Dominic: I think also the point I made earlier regarding the skill sets, we actually went internally, did a working council. It wasn't TA deciding we're going to hire on these skill sets, like it or lump it. It was like, well, let's hold a working council internally, talk to talent leaders, talk to retail leaders, and say to them, right, what do you deem as being the important skills that will make someone in these roles successful? Multiple choice, right? So we controlled it slightly, but it was a case of, right, like 16 answers, rank your top three. The most common ones that came back were soft skills, not hard skills. The fact that they actually deem things like communication, and attention to detail - important. Those traits can be found in most people. That's in the job they're in. So then we built the skills, offer the actual feedback from internal stakeholders. People worked there for 10, 20 years, people that actually are on the front line and have a say in what's important. Because as TA, we just hire what's on the paper, right? But we were like, let's not go and control this. Let's actually ask people that will work with them day in, day out, the skills they need, the raw talent to make them from good to being great.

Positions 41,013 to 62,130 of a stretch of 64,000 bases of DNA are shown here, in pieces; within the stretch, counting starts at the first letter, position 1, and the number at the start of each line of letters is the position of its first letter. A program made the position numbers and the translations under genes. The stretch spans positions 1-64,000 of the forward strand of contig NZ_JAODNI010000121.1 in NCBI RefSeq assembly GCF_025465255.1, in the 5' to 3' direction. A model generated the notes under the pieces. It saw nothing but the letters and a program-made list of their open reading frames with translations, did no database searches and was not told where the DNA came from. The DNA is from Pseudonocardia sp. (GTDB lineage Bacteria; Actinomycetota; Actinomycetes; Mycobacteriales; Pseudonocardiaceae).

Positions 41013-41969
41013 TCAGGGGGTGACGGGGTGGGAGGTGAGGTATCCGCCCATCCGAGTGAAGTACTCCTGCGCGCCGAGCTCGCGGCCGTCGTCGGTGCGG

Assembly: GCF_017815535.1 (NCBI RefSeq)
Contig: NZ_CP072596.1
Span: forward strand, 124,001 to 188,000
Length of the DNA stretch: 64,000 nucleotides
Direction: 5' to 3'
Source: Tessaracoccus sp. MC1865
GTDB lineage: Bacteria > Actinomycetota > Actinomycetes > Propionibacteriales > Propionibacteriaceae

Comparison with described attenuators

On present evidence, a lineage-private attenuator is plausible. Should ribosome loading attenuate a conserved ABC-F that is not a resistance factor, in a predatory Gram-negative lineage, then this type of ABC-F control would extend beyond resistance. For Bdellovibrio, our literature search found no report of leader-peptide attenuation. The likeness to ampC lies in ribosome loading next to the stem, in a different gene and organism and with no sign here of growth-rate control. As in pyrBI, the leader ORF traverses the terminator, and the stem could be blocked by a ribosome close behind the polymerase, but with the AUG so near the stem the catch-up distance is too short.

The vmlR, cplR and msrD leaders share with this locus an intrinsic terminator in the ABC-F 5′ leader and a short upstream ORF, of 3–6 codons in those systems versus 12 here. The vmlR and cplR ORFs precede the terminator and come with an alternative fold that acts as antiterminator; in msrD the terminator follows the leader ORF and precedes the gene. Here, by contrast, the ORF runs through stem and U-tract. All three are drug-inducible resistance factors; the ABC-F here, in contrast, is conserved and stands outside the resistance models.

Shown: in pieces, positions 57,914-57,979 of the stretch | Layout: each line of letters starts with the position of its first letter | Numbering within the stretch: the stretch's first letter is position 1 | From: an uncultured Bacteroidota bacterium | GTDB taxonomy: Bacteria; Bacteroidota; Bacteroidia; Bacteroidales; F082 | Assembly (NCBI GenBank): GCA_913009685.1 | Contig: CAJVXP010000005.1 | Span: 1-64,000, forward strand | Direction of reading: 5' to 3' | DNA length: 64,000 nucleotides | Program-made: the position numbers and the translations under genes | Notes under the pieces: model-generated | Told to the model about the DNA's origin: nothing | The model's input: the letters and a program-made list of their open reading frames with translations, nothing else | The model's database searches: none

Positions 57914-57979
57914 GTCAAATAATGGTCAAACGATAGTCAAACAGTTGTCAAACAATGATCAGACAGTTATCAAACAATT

And to your point there as well, L&D and TA need to work hand in glove. I've always said onboarding starts from the day they apply to the job, the day they see the actual advert. But it's also that handover that kind of often a lot of companies neglect, so they just kind of, it's a real soft, like limp handover between TA from offering the job and then start on the business. Robert: So chucking over the wall quite often, isn't it?